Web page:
In addition to the antimony related problem, fluctuation of the indium precursor flux from a solid source (trimethyl indium) induced by the channeling effect in the bubbler (container for the organic metallic source material) under high carrier gas flow conditions can cause uncertainty in the epitaxial growth rate and severe surface morphology degradation. Also, MOCVD epitaxial material often exhibits nonuniform electrical properties (such as sheet resistivity, carrier concentration or carrier mobility) across a wafer surface caused by thickness and composition stoichiometry variations.
In the conventional MOCVD reactor, near the inlet of the reactor chamber, a precursor with a lower dissociation temperature (indium) cracks first, leading to an indium rich environment and very poor epitaxial film surface morphology. The flux ratio becomes acceptable at some distance from the reactor inlet because the indium is gradually depleted while the availability of antimony increases, leading to high quality indium antimonide epitaxial material in this zone. The mixed precursor flux becomes increasingly antimony rich down stream. Excess antimony eventually will deposit out, resulting in a cloudy looking epilayer surface. The end result is an epitaxial InSb layer with a "sweet zone" sandwiched between indium rich and an antimony rich regions, limiting the capability to achieve featureless high quality epitaxial device material over large area substrates.
Also, the thickness uniformity of the epitaxial material prepared in a conventional MOCVD reactor is dictated by the availability of the group III precursor material (indium) in indium antimonide growth. Depletion of indium with distance from the reactor inlet typically resulted in significant thickness variation (1.4 to 1 over a distance of 5 centimeters) of InSb film growth in a conventional MOCVD reactor.
Therefore, in view of the above-described problems relating to conventional MOCVD reactors, it is an objective of the present invention to provide for an improved MOCVD reactor system for use with indium antimonide epitaxial material.
In order to meet the above and other objectives, the present invention is an improved high capacity metal organic chemical vapor phase deposition (MOCVD) reactor system for use with indium antimonide epitaxial material. The present reactor system uses an improved gas handling system using solid precursor source material for multiple large-area III-V compound semiconductor materials (indium antimonide) epitaxial material growth. Multiple metal organic precursor material bubblers (containers) are employed to maintain a constant indium precursor flux which is critical for high quality InSb epitaxial layer deposition. The antimony precursor is precracked because it has a much higher dissociation temperature than that of the indium precursor. In addition, each substrate is disposed on a common rotating susceptor and also rotates around its own axis at a high enough angular velocity so that there is less than one monolayer of precursor material deposition per revolution. The local (up stream versus downstream) non-stoichiometry mixture of precursor species and local growth rate difference average out due to the rotation of the substrates.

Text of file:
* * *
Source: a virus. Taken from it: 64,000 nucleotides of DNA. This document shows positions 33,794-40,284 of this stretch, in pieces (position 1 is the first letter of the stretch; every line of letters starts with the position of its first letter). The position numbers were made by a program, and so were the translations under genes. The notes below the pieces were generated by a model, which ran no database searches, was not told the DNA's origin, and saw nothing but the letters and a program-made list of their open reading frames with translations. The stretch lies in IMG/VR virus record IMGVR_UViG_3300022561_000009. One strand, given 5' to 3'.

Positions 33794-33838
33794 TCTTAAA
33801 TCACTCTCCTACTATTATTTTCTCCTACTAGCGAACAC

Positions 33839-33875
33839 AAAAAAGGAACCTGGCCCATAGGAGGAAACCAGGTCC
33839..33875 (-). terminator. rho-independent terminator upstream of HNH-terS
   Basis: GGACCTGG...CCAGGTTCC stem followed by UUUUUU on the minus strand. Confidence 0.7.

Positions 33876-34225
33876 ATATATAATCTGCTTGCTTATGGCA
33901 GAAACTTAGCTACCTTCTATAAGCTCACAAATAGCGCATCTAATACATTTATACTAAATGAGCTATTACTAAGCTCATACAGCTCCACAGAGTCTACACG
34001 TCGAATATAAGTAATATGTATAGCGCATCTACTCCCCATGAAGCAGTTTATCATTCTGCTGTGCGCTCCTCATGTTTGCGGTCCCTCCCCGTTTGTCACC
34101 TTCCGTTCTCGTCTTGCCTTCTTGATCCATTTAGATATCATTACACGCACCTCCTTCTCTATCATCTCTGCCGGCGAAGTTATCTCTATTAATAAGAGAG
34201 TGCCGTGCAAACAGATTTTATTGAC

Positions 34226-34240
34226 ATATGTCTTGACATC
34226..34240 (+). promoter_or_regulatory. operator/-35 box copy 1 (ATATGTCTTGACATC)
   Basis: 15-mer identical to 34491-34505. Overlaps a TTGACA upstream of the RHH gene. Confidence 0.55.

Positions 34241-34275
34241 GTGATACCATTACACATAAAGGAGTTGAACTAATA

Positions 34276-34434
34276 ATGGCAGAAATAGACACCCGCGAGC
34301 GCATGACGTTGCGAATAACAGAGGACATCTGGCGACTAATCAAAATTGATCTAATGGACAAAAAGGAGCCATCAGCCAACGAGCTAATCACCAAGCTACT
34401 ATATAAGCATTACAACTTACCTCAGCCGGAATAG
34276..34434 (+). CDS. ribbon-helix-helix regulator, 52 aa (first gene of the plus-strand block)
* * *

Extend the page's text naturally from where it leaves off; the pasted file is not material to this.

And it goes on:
The present invention thus provides an improved MOCVD reactor system for epitaxial indium antimonide growth in a manufacturing environment where high growth rate and multiple large area wafer operation is essential. The present invention alleviates indium flux fluctuation (or decay) commonly encountered in conventional high rate MOCVD epitaxial growth when a solid metallic organic precursor is employed. In addition, the present invention allows the growth of uniform, high quality (good surface morphology, high carrier mobility) indium antimonide material over the entire surface of multiple large (3-inch or 4-inch diameter) wafers using precursors with significantly different cracking temperature and finite sticking coefficients in the epitaxial reactor environment.